Dustin Hoffman didn’t exactly rush into the director’s chair, with “Quartet” being the Oscar-winning actor’s first foray behind the camera at the tender age of 75.
He’s assembled a cast of his veteran peers (including Maggie Smith, Billy Connolly and Tom Courtenay) for a total charmer of a movie, displaying a light but sure touch with both comedy and drama.
The film takes place at Beecham House, a retirement home for some of Britain’s finest classical musicians and singers. It’s far more opulent than one might expect a retirement home to be, and, as one might expect, the annual talent shows are pretty spectacular. The flamboyant and mercurial director Cedric (Michael Gambon) is trying to marshal all the players together for a benefit show to raise money to keep the home from going bankrupt.
Cissy (Pauline Collins) is a former singer who is starting to show the effects of dementia and Reggie (Tom Courtenay) is a shy singer who seems happy to be out of the limelight. Wilfred (Billy Connolly), a randy opera singer who seemingly can’t let any racy thought pass unexpressed, chases after female residents and doctors alike. Connolly is a riot in the role, giving Wilfred a twinkling appeal even as he’s propositioning a doctor while riding one of those automated chairs that glide up and down stairs.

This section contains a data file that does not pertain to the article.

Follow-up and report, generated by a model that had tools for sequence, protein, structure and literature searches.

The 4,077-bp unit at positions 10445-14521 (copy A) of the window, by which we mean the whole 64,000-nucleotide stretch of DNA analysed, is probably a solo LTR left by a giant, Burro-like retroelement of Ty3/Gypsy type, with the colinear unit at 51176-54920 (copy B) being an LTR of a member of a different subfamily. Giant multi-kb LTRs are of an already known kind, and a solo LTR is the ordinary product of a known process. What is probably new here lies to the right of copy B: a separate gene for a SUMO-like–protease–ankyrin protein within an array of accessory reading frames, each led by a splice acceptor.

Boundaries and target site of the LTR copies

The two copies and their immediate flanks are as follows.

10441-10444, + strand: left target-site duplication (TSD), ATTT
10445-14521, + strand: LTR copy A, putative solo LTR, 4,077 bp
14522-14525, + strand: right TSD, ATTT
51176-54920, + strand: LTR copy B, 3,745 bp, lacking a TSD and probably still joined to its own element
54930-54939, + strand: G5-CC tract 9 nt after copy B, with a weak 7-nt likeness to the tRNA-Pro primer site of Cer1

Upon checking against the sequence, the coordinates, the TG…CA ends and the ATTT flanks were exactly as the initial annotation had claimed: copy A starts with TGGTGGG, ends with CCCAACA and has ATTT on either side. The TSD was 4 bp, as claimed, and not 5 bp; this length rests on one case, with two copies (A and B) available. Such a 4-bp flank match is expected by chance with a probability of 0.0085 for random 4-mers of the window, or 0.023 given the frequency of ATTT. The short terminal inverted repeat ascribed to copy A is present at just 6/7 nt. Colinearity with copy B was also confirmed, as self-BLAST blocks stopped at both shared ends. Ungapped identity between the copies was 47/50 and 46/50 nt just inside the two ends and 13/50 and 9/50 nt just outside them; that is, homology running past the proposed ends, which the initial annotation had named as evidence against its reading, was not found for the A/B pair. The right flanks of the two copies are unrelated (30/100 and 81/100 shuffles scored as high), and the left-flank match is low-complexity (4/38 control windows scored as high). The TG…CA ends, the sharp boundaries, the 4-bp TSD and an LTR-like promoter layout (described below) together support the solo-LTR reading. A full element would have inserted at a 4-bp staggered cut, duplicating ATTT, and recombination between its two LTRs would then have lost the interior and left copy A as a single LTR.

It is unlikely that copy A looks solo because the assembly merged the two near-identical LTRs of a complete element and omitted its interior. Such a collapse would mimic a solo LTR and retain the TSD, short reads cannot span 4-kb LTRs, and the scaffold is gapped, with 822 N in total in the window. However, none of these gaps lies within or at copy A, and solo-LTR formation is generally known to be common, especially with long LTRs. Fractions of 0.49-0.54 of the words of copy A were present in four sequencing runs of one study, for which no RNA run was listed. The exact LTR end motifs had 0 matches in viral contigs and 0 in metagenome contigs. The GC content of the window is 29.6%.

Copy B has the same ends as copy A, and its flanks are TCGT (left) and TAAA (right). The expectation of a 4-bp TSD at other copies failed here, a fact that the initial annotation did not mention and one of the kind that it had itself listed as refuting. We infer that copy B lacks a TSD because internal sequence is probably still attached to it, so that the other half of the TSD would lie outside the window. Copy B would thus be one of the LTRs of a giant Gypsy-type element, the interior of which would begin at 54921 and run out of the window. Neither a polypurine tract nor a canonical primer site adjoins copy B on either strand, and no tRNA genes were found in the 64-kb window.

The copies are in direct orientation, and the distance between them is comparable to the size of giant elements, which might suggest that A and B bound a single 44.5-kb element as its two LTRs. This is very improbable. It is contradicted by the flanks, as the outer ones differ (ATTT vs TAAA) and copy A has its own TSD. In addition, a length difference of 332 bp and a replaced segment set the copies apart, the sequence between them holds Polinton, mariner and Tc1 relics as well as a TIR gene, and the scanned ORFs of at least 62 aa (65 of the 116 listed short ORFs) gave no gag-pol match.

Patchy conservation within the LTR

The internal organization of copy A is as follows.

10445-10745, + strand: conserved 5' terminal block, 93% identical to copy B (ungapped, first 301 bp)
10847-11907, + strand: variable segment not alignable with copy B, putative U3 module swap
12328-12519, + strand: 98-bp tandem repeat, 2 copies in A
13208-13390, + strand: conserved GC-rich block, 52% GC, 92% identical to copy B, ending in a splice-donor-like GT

Wilfred, Cissy and Reggie were three-quarters of a famous quartet that broke up after their fourth member got famous and struck out on a solo career of her own. That she was married to Reggie, and cheated on him, only adds to the raw feelings between the singers.
And then that fourth member, Jean (Maggie Smith) arrives to live at Beecham House. Cedric thinks the residents could raise a lot of money for that benefit show if the quartet were willing to make a historic reunion appearance. Much of the drama comes from seeing whether the members of the quartet can set aside their differences — and their fears that their talents have abandoned them in old age — for the good of everyone.
“Quartet” may not have the most original premise, digging into the same themes that “The Best Exotic Marigold Hotel” did last summer. But it’s in the execution that “Quartet” really shines, letting a wealth of talented British actors play off each other.
These days, Smith is best known for her acidic wit as the dowager countess on “Downton Abbey,” so it’s a delight to see her with a role that lets her do so much more. As a faded diva, she displays an affecting mix of bitterness, regret and hope.
Hoffman had one of his best roles in a long time in “Last Chance Harvey,” playing a disconsolate American in London, and “Quartet” seems to continue his Anglophile period; he has a knack for the rhythms of British comedy. Working with screenwriter Robert Harwood (who adapted his play), Hoffman hits the right tone throughout, making it sweet but not sentimental. The emotions are kept at a low simmer, as we might expect for a film about the Brits, but they are present.
The film is also very frank about its themes of mortality, and the fact that this retirement home is the last stop on the tour for these elderly musicians. When the characters take the stage for their final ovation, the audience is tempted to join in.